To get the most out of this type of training, both the role-player and trainee should wear appropriate protective gear for the scenario. Assuming the role-player intends to punch the trainee if the face, the role-player would need to wear gloves to protect his hands (and the trainee’s head). The trainee should wear headgear that protects the entire head and is designed for force-on-force training. All headgear is not created equal! Do the research and spend the money for quality headgear. Due to the dynamic nature of force-on-force training, full protective suits are recommended.
The training environment should be checked for any potential safety hazards and any deficiencies corrected. There should be a safety officer who closely monitors the training and is prepared to stop the scenario if necessary. A phrase such as “stop scenario” should be used when anyone observes a potential safety issue. Of course, if real or simulated weapons are to be used, all protocol must be followed to ensure a live weapon or live round is not accidentally introduced into the training environment.
Keep in mind that training to get hit is not the goal. Training to overcome being hit and win the encounter is the goal. The training evolution should challenge the trainee but never end with the trainee being overwhelmed or defeated. Whether the trainee performs adequately or not, debrief their performance. If the trainee did not meet the minimum standard, have them remediate. Always end this type of training on a high note!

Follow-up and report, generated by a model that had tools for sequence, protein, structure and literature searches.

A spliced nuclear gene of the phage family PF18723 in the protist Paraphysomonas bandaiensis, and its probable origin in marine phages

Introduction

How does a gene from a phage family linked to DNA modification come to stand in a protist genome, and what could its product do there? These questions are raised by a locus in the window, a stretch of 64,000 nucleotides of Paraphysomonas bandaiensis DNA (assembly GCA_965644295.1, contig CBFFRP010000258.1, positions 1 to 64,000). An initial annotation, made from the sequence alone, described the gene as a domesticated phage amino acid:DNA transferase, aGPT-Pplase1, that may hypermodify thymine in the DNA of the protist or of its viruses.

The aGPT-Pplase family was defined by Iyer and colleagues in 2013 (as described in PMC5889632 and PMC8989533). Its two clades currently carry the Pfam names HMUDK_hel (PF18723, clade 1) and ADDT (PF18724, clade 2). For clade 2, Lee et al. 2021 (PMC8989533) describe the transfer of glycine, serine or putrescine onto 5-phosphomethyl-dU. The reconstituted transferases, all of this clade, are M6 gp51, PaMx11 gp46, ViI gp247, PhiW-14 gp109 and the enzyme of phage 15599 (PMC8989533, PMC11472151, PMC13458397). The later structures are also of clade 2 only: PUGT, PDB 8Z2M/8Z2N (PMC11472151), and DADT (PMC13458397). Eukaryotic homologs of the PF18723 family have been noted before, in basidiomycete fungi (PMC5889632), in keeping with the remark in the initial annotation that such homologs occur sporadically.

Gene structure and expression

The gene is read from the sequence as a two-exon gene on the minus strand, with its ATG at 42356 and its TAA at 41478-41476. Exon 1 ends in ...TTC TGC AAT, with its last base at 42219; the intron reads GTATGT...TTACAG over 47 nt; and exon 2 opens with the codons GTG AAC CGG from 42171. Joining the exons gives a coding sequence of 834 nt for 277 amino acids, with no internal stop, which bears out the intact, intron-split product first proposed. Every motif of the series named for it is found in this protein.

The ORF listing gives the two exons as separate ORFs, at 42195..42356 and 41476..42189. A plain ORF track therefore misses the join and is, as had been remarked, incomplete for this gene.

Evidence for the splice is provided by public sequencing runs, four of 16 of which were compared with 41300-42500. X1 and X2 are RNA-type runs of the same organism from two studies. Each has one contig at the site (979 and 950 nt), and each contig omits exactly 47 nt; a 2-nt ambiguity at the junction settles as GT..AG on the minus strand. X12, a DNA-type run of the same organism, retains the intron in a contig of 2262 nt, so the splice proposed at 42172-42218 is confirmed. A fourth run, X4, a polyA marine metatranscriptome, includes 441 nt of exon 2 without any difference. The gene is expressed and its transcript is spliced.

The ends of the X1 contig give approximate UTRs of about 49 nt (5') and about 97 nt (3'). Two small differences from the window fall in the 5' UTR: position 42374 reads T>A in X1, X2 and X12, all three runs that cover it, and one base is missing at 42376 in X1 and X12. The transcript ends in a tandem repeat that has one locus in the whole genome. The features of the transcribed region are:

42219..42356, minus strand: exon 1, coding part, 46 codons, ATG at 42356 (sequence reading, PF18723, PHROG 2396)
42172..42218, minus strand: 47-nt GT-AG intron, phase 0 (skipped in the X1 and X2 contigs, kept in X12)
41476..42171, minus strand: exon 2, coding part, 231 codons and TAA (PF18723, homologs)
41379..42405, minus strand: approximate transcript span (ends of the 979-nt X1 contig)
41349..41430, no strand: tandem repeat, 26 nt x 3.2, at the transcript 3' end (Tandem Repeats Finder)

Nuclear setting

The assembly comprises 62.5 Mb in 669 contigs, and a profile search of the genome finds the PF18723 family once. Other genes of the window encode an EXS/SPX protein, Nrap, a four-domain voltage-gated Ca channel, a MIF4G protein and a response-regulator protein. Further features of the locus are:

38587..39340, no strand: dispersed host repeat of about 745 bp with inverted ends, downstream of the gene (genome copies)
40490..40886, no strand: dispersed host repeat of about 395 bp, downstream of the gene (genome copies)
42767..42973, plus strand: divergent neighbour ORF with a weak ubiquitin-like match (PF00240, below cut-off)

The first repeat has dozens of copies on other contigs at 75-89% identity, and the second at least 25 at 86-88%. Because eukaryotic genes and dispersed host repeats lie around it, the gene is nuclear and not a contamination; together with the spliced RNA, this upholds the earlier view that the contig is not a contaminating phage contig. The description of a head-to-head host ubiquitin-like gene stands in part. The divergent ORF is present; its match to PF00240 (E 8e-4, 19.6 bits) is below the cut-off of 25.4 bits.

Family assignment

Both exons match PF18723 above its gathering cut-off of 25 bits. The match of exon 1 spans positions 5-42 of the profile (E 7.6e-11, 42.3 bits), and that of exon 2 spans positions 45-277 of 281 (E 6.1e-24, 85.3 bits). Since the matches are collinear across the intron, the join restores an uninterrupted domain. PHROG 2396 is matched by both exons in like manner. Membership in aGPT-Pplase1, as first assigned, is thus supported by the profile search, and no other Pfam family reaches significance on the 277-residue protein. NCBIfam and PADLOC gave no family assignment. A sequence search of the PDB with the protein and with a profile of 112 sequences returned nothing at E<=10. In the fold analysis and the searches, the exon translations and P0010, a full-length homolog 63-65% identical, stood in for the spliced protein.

Focus on your objective — not on pain
In his excellent book, Mindsighting, Mental Toughness Skills for Police Officers in High Stress Situations , Michael J. Asken, Ph.D. points out that self-talk can be a very effective strategy during an acute high stress response. However, he suggests that “you always phrase your self-talk positively in terms of what you should do, not what you should not do. Telling yourself not to do something puts your focus on the very thing you want to avoid doing.” Therefore, instead of telling yourself to not think about the pain of being struck, tell yourself that you will do whatever it takes to win the encounter!
Reflecting back on the years I studied karate, I vividly recall using Shinai , a split-shaft bamboo sword, to practice blocking techniques. Although designed specifically not to injure the practitioner, when the Shinai struck you at full force, you definitely knew you were hit! When the Shinai was swung at you, you blocked and immediately countered with a combination of strikes and/or kicks to stop the attack. Interestingly, the more aggressively you hit the Shinai , the less it seemed to hurt. Training with the Shinai not only improved a student’s blocking ability; it conditioned the student to overcome pain en route to achieving victory.
“Pain don’t hurt.”
– Dalton (Patrick Swayze’s character in Road House)
Always have a Plan B and never give up!